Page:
The book explains how and why the drug culture and the hippie movement began, and it gives the best explanation of what the New Age movement really is, how it came into being, and its destructiveness. This information alone is worth the price of the book.

It shows how the "politically correct" idea was formulated and why. What an eye-opener!  It also shows how referring to someone as a "super-mom" or a "winner" contributes to the overall idea that we can do more.

This is not a book of pat answers to the problem. On the contrary, it offers both genuine solutions to what has become an addiction as well as its own 12-step program.  It shows how to break free of busy-ness, get more done in less time while freeing valuable time for family, and – of special importance – how to find quiet time with God.

"Too Busy" includes charts that allow you to assess your life and activities. One of those allows you to reconsider your job. Is it really where you should be working?

The section on time management (essential to grasp) includes a self-analysis, which will determine how you need to change your time consuming habits. And there is also a "Time Contract" that you read and sign with yourself.  In addition, scripture references are given throughout the book to encourage readers to restructure their lives to align with biblical values so that true success can be obtained.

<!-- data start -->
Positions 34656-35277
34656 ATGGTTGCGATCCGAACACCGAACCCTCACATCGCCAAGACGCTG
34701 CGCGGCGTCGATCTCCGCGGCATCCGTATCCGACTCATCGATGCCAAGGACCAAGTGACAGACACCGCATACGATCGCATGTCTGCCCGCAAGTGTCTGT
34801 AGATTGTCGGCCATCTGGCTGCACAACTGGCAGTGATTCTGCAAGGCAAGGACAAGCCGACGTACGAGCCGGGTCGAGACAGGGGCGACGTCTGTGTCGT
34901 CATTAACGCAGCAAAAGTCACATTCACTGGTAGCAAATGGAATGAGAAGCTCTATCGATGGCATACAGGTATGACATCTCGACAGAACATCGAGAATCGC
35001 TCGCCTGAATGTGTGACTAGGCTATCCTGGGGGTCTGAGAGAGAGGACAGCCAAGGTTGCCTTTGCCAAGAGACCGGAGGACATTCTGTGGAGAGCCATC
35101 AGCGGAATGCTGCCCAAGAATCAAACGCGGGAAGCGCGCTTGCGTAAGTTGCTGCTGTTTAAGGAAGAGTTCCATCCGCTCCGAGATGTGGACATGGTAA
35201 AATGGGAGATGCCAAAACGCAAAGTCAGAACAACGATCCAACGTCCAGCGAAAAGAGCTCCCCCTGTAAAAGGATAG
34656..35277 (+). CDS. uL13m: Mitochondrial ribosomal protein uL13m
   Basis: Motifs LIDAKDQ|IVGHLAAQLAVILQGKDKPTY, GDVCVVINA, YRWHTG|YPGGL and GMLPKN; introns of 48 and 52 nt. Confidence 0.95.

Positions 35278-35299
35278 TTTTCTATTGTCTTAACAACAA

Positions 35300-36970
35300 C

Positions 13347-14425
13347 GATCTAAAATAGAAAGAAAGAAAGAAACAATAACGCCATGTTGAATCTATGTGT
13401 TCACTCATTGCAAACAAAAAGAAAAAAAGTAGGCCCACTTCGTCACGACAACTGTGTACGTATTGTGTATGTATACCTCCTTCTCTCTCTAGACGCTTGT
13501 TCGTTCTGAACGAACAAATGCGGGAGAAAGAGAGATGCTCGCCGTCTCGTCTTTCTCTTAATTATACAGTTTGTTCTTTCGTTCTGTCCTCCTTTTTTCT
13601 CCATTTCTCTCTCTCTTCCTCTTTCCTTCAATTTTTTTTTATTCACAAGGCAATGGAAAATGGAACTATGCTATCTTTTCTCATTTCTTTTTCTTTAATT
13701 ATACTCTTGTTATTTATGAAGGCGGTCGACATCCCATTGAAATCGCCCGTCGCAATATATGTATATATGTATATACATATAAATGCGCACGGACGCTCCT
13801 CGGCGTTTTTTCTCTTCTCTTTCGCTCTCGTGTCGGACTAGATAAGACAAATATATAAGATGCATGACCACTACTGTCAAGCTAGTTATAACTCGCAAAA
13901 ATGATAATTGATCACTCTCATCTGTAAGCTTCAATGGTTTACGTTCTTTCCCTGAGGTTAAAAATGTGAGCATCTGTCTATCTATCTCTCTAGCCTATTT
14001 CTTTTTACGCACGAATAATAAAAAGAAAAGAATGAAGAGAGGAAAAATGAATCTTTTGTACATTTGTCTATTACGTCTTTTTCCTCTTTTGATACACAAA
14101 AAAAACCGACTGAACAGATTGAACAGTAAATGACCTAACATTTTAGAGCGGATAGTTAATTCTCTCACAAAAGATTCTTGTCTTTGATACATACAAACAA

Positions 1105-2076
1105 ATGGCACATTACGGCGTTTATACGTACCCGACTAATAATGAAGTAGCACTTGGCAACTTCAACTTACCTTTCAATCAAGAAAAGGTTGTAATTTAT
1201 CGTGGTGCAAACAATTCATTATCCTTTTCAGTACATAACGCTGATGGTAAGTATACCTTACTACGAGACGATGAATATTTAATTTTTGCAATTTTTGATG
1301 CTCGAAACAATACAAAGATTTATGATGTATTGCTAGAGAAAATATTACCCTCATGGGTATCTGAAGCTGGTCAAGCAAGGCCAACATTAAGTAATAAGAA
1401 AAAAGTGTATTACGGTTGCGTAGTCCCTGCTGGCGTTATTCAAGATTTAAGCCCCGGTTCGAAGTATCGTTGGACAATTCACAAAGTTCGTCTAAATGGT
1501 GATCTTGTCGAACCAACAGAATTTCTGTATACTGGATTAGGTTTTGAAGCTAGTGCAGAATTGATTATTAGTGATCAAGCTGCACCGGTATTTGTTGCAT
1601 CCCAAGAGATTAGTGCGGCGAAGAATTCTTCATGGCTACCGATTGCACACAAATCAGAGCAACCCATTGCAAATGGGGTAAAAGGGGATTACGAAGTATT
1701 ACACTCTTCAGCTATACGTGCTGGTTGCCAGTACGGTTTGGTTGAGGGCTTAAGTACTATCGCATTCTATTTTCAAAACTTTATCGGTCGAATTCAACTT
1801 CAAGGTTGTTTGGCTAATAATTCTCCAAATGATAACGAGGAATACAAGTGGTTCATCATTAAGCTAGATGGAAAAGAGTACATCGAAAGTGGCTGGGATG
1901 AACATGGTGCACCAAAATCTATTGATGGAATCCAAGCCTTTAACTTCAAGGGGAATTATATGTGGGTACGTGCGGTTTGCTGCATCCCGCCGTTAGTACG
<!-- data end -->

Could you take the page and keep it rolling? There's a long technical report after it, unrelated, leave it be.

This is the most complete treatise on this subject that has ever been published. It is a well-written and pleasurable read, with a foreword by noted public speaker Zig Ziglar.  The authors did a superb job putting it together.

The three authors are well qualified to write this book. Dr. Rick Fowler, executive director of Prestonwood Counseling Center in Dallas, has been featured at numerous seminars, media and platform events including Focus on the Family with Dr. James Dobson, Insight for Living with Dr. Charles Swindoll, and the 700 Club with Pat Robertson.

Cassie Findley is a credentialed nutritionist and fitness expert who was assistant dean for student life and director of health education and wellness at Baylor University. (For example, stress – a major risk factor in the "too busy" culture – must be managed with exercise and nutrition. She shows you how to do it.) One chapter is titled, "Your Body: Is It a Fit Place to Live?"

J. Ray Smith, is national facilitator for the Too Busy to Live conferences. He also has over 16 years experience as a pastor, and was an instructor and chairman of the Pastoral Studies Department at Dallas Bible College.

This very timely book builds to a strong finale with the chapter, "The Way Back to Balance." That is what all of us need to learn in this orchestrated hustle-and-bustle world. We can get out of the whirlwind and begin to live ... and accomplish more.

Pastors will especially benefit from this book. It offers not only solid counsel, but covers leadership, rich church history (Why the persecution of Christians by Rome when they had so many religions and gods there?), and apologetics.  Plus, many great sermon illustrations can be mined from it. It is a one-book encyclopedia.

This is not just for pastors, but for all Christians. Non-believers as well will profit by reading it.  It contains so much valuable information that it cannot be covered adequately in one review, and should be read twice to fully absorb everything in the book.


© 2005 AgapePress.  All rights reserved.  Used with permission.